By Darren Hercyk
During the first week of Lent, Catholic Relief Services in East Timor, along with the Catholic Justice and Peace Commission in Dili, launched a program called “111 Days of Prayer for a Peaceful and Democratic Election in Timor-Leste.”
Our goal is to provide Timorese society—which is 96% Catholic—with daily prayers and reflections before and during the upcoming national elections in March and June. This nation has seen its share of violence in the past. With prayer, we hope never to go backwards.
To kick off the campaign, we helped organize a march in the capital of Dili, and thought that maybe a thousand people would show up. It was so overwhelming to see almost 10,000 Timorese turn out—in the heat of the day under threatening skies—for the two-and-a-half-hour “Journey for Peace” walk that day.
It was just as uplifting to see Bishop Alberto Ricardo da Silva, one of only two bishops in the country, lead the peace walk from start to finish. At the opening ceremony, Bishop da Silva said, “ The people of Timor-Leste are going to make these coming months a good time for all the people in our country. We will make a closer, more prosperous, thriving nation. Progress in Timor-Leste begins with the spiritual.”
To put this program in perspective, it’s helpful to know a little about Timor-Leste. The nation was originally comprised of different kingdoms with their own linguistic, ethnic, geographic and political systems. These divisions were reinforced over the years by successive colonial powers—each with its own interest in keeping local divisions alive.
Despite these differences, all Timorese came together during the Indonesian occupation and won a hard-fought battle for independence—commemorated on May 20, 2002. Still, Timor had to face a major internal crisis as some political parties took advantage of old divisions in society, resulting in 150,000 internally displaced people during the last election. Currently, there are 26 diverse political parties and 13 presidential candidates competing in the June election. The winners will rule for the next five years and have a major impact on molding the national identity of the 1.1 million people who live here.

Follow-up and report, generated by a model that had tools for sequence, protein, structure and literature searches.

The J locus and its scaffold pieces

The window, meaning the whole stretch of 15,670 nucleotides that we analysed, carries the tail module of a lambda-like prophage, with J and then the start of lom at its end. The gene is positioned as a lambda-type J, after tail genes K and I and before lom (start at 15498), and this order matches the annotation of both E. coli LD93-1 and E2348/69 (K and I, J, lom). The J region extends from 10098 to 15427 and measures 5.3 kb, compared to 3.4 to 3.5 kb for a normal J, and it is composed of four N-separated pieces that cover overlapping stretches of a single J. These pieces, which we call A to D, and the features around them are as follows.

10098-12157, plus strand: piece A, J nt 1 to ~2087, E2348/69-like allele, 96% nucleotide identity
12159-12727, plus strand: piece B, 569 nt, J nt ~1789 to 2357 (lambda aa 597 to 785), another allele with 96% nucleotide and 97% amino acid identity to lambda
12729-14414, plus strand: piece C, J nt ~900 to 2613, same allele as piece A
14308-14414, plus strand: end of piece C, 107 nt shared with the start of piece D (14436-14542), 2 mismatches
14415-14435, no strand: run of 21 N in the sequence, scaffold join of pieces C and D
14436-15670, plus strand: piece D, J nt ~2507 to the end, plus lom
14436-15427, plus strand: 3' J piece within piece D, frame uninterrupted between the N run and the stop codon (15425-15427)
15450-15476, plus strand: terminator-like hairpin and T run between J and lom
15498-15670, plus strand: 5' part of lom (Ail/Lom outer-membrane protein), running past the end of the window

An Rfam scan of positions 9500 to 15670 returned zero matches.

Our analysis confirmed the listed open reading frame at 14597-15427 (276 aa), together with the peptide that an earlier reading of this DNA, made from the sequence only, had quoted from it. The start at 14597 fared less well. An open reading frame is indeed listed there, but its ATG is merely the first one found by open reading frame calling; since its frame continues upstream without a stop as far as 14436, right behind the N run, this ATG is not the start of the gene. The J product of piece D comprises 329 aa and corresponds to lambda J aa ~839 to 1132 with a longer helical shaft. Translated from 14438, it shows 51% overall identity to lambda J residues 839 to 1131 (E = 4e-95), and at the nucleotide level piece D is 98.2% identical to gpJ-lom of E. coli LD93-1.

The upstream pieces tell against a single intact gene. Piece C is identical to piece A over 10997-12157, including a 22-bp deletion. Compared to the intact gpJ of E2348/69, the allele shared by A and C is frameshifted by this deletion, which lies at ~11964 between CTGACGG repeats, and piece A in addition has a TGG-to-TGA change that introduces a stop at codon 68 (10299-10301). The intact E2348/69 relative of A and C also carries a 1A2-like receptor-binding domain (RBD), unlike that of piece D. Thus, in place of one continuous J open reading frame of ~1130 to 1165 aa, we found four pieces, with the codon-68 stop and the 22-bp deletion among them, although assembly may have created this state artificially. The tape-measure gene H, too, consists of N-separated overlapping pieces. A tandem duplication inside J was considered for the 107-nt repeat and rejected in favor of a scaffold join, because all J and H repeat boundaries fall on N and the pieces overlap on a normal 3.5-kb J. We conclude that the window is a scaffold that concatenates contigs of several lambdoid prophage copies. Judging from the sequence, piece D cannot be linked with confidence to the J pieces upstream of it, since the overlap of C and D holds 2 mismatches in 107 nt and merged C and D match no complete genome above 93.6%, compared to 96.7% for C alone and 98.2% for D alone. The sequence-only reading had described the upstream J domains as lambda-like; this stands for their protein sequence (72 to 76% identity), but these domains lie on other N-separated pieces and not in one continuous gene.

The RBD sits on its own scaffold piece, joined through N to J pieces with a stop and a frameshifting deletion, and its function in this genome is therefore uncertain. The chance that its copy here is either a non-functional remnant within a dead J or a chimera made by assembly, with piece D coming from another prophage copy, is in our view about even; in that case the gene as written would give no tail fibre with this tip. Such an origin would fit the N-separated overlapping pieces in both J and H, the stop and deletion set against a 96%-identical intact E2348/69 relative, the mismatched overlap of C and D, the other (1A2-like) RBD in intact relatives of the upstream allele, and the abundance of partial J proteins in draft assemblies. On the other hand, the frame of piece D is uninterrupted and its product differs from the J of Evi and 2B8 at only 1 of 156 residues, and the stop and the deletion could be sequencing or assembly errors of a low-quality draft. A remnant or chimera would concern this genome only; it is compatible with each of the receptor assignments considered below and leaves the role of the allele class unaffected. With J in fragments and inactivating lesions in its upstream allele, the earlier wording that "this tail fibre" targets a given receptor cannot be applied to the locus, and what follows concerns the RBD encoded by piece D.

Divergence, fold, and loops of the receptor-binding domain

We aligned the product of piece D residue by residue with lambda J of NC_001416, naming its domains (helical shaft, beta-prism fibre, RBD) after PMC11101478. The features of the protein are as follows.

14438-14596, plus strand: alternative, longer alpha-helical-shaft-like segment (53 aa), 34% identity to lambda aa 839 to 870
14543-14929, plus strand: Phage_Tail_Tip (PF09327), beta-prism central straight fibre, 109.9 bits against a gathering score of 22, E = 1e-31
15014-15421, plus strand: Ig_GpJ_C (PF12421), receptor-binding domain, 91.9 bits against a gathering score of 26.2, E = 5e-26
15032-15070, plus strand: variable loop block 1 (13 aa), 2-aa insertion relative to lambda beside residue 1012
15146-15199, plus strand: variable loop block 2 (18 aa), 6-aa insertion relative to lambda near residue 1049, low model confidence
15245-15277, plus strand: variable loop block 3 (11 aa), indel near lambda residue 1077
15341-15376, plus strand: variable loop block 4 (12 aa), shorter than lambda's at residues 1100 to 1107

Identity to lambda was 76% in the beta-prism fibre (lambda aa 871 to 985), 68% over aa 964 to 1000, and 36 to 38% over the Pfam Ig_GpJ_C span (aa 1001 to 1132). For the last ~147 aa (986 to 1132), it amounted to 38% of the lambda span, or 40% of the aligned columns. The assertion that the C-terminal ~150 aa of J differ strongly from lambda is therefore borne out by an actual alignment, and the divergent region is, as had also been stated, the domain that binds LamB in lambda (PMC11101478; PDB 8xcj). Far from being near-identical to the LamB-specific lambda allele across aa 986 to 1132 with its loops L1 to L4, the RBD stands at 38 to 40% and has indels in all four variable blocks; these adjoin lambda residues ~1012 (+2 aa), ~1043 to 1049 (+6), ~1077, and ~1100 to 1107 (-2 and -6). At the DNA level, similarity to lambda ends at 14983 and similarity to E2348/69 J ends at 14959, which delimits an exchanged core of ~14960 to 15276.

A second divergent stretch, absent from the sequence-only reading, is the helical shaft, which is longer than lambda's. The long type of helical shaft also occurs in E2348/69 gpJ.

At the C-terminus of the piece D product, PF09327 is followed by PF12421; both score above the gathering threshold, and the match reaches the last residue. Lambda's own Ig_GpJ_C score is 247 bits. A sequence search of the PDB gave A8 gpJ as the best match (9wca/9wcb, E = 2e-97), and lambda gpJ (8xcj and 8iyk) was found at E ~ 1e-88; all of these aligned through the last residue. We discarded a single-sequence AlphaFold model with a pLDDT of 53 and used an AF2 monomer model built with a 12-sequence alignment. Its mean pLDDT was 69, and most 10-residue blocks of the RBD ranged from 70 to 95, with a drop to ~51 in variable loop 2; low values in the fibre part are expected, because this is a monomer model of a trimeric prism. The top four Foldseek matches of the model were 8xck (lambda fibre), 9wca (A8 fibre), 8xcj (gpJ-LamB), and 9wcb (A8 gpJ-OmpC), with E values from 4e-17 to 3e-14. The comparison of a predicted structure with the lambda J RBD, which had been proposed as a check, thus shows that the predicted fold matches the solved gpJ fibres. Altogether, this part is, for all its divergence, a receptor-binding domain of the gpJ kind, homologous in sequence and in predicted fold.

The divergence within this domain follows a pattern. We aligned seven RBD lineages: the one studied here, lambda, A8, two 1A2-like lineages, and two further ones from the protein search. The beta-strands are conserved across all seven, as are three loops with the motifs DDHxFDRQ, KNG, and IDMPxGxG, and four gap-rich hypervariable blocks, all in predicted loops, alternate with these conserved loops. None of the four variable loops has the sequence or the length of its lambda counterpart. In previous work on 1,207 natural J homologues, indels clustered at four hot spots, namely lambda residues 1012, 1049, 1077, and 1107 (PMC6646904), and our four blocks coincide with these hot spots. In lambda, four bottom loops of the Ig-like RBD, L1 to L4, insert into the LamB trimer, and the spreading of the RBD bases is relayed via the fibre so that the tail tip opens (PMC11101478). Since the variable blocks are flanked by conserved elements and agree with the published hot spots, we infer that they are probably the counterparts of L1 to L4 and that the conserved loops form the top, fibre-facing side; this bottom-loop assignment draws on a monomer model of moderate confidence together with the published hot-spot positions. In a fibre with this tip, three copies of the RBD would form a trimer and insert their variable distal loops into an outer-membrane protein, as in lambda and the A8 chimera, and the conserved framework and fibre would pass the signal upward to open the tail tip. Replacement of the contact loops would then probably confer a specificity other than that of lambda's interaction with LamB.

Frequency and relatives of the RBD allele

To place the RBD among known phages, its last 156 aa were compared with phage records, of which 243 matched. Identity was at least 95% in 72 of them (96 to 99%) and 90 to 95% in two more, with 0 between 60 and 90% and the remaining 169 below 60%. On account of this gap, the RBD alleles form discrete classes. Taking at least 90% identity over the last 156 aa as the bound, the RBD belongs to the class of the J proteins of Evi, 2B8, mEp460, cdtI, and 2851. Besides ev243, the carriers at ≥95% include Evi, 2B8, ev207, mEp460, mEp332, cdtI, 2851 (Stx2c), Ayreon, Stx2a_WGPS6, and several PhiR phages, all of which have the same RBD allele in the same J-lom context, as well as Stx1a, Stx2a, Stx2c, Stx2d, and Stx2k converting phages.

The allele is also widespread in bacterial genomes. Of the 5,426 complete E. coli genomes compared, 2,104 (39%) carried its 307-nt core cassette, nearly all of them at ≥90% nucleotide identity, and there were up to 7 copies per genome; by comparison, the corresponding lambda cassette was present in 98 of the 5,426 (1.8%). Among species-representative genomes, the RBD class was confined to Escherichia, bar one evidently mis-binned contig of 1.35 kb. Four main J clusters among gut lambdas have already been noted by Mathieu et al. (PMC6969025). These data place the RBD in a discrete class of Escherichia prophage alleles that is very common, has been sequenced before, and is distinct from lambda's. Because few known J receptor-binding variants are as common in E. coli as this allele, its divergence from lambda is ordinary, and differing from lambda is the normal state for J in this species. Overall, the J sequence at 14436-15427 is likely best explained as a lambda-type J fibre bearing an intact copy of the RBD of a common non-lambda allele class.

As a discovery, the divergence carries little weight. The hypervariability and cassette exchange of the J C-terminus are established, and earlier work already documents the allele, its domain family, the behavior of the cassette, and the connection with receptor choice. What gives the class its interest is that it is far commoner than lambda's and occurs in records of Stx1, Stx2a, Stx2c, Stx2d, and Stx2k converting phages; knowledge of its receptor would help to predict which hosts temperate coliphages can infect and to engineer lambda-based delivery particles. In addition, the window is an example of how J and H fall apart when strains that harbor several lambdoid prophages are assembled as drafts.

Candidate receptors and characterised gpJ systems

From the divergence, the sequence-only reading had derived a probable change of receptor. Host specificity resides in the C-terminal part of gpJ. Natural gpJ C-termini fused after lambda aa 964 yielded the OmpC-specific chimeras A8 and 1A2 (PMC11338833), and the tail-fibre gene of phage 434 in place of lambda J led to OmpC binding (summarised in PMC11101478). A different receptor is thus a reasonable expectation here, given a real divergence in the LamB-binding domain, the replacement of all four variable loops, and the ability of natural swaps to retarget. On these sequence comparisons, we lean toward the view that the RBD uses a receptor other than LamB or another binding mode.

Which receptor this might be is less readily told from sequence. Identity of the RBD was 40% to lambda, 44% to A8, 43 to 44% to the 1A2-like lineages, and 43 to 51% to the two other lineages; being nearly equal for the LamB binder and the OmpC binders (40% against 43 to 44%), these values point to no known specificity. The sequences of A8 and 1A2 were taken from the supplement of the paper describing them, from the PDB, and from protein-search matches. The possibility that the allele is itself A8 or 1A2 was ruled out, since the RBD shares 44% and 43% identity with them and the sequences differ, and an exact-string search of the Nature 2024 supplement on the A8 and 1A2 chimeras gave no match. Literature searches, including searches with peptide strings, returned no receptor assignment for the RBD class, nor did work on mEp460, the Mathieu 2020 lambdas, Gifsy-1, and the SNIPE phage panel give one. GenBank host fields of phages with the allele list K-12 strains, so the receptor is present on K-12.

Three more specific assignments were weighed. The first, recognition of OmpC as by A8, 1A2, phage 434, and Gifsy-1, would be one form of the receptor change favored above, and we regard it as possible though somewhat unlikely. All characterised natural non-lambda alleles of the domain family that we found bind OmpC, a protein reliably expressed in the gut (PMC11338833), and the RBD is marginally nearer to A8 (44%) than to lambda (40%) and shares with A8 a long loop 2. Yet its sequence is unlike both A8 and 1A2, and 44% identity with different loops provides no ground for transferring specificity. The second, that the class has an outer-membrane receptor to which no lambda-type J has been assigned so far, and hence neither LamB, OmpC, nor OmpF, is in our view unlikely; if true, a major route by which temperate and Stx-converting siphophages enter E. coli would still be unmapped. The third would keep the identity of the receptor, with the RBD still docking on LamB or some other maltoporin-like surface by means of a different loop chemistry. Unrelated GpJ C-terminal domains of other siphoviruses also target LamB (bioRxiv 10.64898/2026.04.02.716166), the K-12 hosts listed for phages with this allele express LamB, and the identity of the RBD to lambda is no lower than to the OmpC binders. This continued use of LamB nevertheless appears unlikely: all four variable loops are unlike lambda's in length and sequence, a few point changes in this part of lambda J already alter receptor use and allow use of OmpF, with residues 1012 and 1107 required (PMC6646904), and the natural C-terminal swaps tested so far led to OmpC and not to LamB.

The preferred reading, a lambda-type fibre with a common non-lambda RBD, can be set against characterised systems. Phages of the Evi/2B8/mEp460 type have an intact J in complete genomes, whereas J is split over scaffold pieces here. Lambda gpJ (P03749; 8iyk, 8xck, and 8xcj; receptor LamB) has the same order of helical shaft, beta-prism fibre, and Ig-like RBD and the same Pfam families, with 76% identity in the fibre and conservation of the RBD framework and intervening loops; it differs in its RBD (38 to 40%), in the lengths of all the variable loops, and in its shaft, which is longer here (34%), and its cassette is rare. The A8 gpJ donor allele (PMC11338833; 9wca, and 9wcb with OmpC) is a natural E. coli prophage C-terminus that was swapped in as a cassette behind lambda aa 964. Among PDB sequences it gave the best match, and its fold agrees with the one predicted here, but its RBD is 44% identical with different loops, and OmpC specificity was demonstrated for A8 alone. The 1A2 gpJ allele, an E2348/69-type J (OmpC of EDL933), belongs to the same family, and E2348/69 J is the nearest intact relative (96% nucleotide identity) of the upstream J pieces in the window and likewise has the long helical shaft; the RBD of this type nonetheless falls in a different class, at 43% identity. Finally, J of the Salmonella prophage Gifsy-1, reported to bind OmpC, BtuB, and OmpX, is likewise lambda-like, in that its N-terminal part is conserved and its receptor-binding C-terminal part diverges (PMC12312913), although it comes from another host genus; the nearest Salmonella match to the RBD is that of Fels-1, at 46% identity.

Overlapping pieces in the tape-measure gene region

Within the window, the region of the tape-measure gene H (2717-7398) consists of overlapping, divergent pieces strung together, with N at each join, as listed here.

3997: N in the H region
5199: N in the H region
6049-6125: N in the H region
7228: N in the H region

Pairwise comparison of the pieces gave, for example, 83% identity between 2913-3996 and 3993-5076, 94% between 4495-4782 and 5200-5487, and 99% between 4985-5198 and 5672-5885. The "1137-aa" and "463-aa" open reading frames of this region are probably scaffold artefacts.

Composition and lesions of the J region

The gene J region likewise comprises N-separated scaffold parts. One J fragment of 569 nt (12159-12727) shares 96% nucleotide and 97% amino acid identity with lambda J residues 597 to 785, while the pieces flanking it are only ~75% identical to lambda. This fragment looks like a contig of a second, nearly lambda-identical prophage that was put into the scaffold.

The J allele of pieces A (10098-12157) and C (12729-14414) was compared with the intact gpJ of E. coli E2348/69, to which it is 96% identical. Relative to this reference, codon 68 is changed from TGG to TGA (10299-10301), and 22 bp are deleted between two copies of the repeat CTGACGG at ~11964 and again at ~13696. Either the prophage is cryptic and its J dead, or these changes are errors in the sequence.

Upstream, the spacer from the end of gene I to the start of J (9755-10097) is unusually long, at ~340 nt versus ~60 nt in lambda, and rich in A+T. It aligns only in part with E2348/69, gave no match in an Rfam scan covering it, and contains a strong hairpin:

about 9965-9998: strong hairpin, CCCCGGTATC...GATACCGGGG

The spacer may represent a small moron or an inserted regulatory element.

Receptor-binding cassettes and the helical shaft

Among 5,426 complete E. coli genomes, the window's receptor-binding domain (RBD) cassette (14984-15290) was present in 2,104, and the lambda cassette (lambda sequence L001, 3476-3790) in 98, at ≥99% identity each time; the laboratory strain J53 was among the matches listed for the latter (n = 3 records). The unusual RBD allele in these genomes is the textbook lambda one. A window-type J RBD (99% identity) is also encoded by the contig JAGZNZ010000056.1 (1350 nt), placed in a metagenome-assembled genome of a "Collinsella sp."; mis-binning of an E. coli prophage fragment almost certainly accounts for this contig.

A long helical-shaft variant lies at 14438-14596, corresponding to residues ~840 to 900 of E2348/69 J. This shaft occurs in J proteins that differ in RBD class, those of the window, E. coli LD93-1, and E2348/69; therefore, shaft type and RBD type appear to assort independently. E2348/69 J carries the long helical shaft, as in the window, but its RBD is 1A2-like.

As the Episcopal Vicar of Dili diocese, Father Gabriel Suban SVD, said during the Journey for Peace march, “This is part of the transformation the Catholic Church hopes to carry out in Timor-Leste. It is not only to heal the collective memory of trauma with messages of forgiveness, but also to overcome local tribal mentality, which creates enemies and divides the country. It is time for us to embrace the people and not exclude any parties.”
Richly diverse groups of people, including government ministers, members of the main political parties, the United States Ambassador, as well as representatives from the Muslim and Protestant communities, are supporting our program. Father Gabriel noted, “This is the first time in our nation’s history that all the religious orders came together for something like this.”
We’ve seen the power of prayer at work in Sudan. I was CRS’ country representative there during the peaceful elections last year that created the world’s newest country: South Sudan. I was honored to be part of the “101 Days of Prayer” campaign, started by Sr. Cathy Arata. Our program in East Timor is similar, and we pray that it will lead to the same peaceful outcome.
To join us in prayer and reflection during these 111 days, please download our program.
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